QUEUES for the Tamar Bridge have been causing misery for motorists – and have lent further fuel to the campaign to see toll charges lifted. 

Long delays in crawling traffic from Carkeel to the bridge were reported at times last week, and there was similar congestion on the Plymouth side. 

Tamar Crossings, which operates the bridge and ferry, said that the lengthy waits were down to several factors including high traffic volume and issues elsewhere in the network having a knock-on effect, and that they were investigating to identify any specific causes. 

But some drivers last week stated that there had also been problems with tag payments. 

One Saltash resident describes the queues through the town and the tunnel as a regular occurrence and says she dreads the summer holiday period. 

Rebecca Davies says she loves living in the area but that she is considering moving out of Cornwall altogether purely because of the headache caused by the bridge. 

“I use the bridge at least once a day, there and back, and in term time I use it at least twice a day, so four journeys: I have one child who attends school in Plymouth and one in Landulph. 

“Both my children are disabled and I have missed or been late for hospital appointments due to being held up on the bridge.”

Rebecca added: “One day last week it took 56 minutes to get from the Carkeel roundabout to the toll booths. The traffic was standstill in the tunnel so I took the slip road through Saltash. As soon as I’d turned off I was hit with standstill traffic on the slip road. I was hoping to miss the queues for the paying tolls and drive through the tag lane. But at least six cars in front of me were sat waiting for a paying toll booth, with the tag lane empty. 

“Summer has always been busier, but not to this extent on a daily basis,” Rebecca continued. “Our roads, especially the bridge, can’t handle the amount of traffic. Outside summer, it’s not unusual to have the same problems with congestion at rush hours. 

“I feel the bridge is no longer fit for purpose. Making tolls free would help with the traffic flow a lot, but another bridge or at least adding at least another two lanes on the current one is what’s needed. Pollution must be so high in Saltash.” 

A spokesperson for Tamar Crossings said: “We are aware of some significant congestion during certain periods on the days in question – August 29,30,31 and September 1. Our journey time data for those days indicates a maximum journey time eastbound from Carkeel to St Budeaux of approximately 15 minutes, and westbound over the same route of approximately 10 minutes. During the congested periods journey times were typically 10 to 14 minutes, significantly higher than normal, but nowhere near the hour suggested. 

“Periods of traffic congestion can be caused by a multitude of factors and combinations of factors. These can include the amount of traffic and specific incidents such as breakdowns or accidents on the bridge or elsewhere. 

“We manage the centre traffic lane on the main deck of the Bridge to run either eastbound or westbound in an effort to balance the relative flows,” the spokesperson continued.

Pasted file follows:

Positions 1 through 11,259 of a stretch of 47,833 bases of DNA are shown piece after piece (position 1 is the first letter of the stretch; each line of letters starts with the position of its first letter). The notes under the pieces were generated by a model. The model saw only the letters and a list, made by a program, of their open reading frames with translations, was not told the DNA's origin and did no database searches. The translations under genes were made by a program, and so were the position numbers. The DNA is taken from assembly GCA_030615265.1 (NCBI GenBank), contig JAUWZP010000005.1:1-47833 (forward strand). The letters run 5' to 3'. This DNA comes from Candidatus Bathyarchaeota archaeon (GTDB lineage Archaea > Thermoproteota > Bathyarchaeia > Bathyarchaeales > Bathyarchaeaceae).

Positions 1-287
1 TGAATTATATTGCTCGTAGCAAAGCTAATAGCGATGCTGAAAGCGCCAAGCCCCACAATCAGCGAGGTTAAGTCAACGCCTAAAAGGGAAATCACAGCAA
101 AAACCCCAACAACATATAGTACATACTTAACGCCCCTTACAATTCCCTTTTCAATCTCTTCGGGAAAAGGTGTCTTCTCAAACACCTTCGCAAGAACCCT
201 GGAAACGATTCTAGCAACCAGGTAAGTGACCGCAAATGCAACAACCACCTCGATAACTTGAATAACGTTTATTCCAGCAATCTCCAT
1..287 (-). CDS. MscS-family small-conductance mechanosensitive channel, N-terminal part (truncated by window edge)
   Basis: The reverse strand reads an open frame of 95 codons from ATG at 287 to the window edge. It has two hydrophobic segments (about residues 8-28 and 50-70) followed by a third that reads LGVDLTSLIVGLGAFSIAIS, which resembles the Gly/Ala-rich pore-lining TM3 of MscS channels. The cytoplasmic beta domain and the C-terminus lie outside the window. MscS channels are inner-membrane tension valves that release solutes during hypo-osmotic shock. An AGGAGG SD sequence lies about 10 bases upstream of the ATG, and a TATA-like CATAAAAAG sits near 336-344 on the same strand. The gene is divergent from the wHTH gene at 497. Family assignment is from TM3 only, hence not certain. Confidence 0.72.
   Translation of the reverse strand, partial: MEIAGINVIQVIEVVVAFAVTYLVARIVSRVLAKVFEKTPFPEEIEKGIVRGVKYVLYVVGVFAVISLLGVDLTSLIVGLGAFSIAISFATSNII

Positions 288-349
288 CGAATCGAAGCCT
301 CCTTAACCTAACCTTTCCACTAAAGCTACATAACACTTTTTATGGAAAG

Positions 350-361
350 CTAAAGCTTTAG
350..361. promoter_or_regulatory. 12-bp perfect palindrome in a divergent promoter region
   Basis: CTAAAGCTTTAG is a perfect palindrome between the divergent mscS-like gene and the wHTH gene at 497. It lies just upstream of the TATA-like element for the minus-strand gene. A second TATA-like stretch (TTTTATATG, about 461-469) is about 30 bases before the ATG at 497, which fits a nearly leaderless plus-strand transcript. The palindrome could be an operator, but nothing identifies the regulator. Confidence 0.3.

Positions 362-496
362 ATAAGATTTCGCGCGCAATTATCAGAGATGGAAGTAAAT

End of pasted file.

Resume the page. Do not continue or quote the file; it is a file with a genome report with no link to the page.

“On busy summer days during school holidays there are often high traffic flows in both directions and this makes it particularly challenging to minimise queuing and we believe that this was a factor on some of these days.” 

The recent delays have prompted renewed calls for tolls to be removed on the crossings. 

Stuart Wilson has written an open letter to his MP and to Saltash Town Councillors. He writes: “My wife and I are part of a rapidly growing group of people and businesses that agree with the many frustrated motorists who need to use the A38 and are charged a tax for that privilege. 

“People who live in Cornwall but work in Devon - Derriford is just one example - have to pay the toll just to get to work - and then have to sit in queuing traffic held up by those tolls. The cost in pollution, wear and tear on vehicles and frustration is huge; people on low wages  experience an extra tax on their limited resources and sit in queues that are injurious to their health and sanity. 

“When the tag is not working there are even more and longer delays. If a bus is behind a car stuck in the tag only lane, then the entire toll plaza grinds to a halt. 

“New Road is clogged more often now, because people who don’t want to queue in the tunnel and on the bridge think it might save time to get off the A38 and use the Saltash slip road, then approach from Saltash. More frustration for locals wanting to use the bridge.” 

The Tamar Toll Action Group (TTAG) says that delays and air quality are inextricably linked to the way in which tolls are collected on the bridge: eliminating tolls would reduce both, it says. The action group is encouraging people to make their views known to local political representatives and to raise concerns and questions with the Joint Bridge and Ferry Committee. The committee is set to meet tomorrow (Thursday September 7, 10am) as is Saltash Town Council (7pm).